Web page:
Five Reasons Wireless Subscribers Will Suffer Under AT&T/T-Mobile Deal
In spring, a young man's heart turns to love. But I've seen young men, and Ma Bell ain't no young man. And this has nothing to do with love.
One day before spring was sprung, AT&T on Sunday announced it's shelling out $39 billion for its acquisition of T-Mobile USA from Deutsche Telekom. No doubt it's a pleasant surprise and major win for AT&T and its investors, if approved.
But this deal stinks to high heaven for wireless subscribers of any network.
The combined AT&T and T-Mobile will be the biggest carrier in the US, and with only one major competitor left. This is something the Department of Justice and the Federal Communications Commission (FCC) should smack down ASAP. AT&T and T-Mobile America are the No. 2 and No. 4 players respectively. This deal will make AT&T No. 1.
But before the DOJ and FCC investigate, let’s talk about the bleak realities wireless subscribers will face as a result of this dangerous deal.
It's a situation that leaves Verizon as the only other major player. If the government regulators allow this, Verizon will probably buy up Sprint. Where does the madness stop?
What will life be like for a wireless subscriber on any network when AT&T is the No. 1 U.S. wireless network?
IMO, it’ll suck. And that's putting it politely. I predict five awful outcomes.
1. The Ma Bell monster is back. Nuff said.
2. Less competition. A market controlled essentially by AT&T and Verizon (with Sprint in a distant third place) guarantees higher prices for everyone. AT&T will be setting the rules. Subscribers' wallets will suffer, no matter who their service belongs to.
3. Way less innovation. Everyone knows T-Mobile was pushing the industry forward with its often ground-breaking tech, affordable plans and absolutely tremendous customer service. Ma Bell will stop that annoyance in its tracks and drive the market at its own slow pace.
Consider. T-Mobile and others have traditionally forced the market to match innovation, pricing and services. T-Mobile USA came out with the first Android phone, remember. It took a risk there. Sayonara to such customer-friendly risk-taking under this new arrangement.
Ma Bell will flex her beefy, hairy biceps and do what she can for her shareholders. (Of course, that’s her fiduciary responsibility.) But what’s good for shareholders is going to be misery for wireless subscribers across the board.
With T-Mobile in its maw, AT&T will see no reason to keep up the level of innovation in tech and excellent support T-Mobile now provides. They'd rather save the money.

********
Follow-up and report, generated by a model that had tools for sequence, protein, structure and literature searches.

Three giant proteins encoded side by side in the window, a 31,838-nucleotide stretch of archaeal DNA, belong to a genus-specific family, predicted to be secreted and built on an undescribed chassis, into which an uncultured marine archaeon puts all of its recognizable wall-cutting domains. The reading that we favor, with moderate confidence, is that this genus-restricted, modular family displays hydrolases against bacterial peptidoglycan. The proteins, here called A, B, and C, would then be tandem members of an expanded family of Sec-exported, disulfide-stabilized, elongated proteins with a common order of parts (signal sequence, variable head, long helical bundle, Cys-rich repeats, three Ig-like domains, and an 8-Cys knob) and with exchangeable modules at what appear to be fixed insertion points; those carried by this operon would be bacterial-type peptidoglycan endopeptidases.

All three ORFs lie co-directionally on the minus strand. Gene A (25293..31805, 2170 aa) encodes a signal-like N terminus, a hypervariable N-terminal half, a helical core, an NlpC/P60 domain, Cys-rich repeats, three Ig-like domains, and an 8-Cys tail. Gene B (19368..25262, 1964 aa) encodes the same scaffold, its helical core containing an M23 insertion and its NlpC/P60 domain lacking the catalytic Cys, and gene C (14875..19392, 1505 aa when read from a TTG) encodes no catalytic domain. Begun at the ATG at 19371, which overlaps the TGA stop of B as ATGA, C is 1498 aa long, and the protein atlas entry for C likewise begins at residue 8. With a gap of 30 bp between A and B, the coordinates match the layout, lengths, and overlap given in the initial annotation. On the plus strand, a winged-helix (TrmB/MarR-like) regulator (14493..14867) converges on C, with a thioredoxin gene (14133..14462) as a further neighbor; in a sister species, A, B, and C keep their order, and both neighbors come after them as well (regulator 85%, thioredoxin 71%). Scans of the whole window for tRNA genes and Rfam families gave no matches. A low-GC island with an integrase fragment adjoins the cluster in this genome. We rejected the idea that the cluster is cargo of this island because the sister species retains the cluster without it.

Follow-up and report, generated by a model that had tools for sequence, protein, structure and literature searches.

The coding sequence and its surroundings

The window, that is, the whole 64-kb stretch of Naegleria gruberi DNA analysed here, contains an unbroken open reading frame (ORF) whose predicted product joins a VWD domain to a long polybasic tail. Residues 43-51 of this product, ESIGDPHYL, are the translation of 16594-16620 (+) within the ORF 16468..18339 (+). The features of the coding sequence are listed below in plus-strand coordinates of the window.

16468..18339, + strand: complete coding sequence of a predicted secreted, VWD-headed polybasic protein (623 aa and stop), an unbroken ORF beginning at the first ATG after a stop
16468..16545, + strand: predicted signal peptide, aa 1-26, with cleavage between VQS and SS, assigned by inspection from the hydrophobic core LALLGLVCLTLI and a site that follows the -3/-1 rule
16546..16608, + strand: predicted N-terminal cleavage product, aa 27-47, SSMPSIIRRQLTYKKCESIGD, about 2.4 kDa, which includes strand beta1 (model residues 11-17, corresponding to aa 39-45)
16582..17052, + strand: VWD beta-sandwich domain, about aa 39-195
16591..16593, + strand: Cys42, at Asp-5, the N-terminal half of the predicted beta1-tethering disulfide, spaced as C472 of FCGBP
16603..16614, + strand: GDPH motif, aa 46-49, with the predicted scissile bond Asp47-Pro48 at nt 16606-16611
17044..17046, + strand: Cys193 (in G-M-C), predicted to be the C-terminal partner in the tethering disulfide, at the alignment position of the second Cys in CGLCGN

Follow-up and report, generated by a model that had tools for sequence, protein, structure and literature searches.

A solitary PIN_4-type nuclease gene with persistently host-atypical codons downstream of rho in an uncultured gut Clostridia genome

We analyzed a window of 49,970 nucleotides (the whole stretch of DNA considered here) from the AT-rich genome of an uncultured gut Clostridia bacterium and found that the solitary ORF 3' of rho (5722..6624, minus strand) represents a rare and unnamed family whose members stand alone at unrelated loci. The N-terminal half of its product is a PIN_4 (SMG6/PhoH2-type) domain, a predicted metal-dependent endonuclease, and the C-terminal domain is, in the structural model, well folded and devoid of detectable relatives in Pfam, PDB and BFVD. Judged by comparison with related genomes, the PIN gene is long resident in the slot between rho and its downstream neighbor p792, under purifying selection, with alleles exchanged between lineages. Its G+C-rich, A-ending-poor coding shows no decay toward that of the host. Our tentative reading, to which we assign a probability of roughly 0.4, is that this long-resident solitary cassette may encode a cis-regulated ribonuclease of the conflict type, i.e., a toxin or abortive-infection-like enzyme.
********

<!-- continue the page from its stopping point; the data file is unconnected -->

4. Wireless users likely won't get access to T-Mobile affordable rates or such services as its Even More Plus plan once AT&T swallows it whole. (And in case you're wondering, T-Mobile is already saying it won't play on the iPhone. No surprise there.)
5. If this unfortunate acquisition happens, Ma Bell will be holding almost all the marbles. It will likely dumb down T-Mobile innovations and cut corners by shorting T-Mobile's great service for money's sake. It'll combine inventory, too. That means fewer phones to choose from -- carriers control the shelves, not phone makers --amounting to a rotten deal for subscribers the nation over.
This is bad news for everyone but involved shareholders, and even they'll be suffering from higher rates and worse service on their own phones. Call it karma.
I implore the DOJ and FCC to kill this idea for the benefit of the Americans they serve, citizens who are wireless phone subscribers in a giant market. Even if they are investors in Ma Bell.
It oughta be illegal. I hope it is. I don't like it one bit. It smells like Ma Bell smelled when they took her out to pasture back in 1984. Rank and stale.
And the result as I see it for wireless subscribers, if this completes as planned next year, reminds me of an old, depressing Allman Brothers song. The refrain "tied to the whipping post" is now stuck in my mind.
Let me know what you think.
Drop me a line. I'll be following this on BYTE Mobile Radio on our regular show later this week. For InformationWeek, TechWeb and the upcoming www.BYTE.com, I’m Gina Smith.
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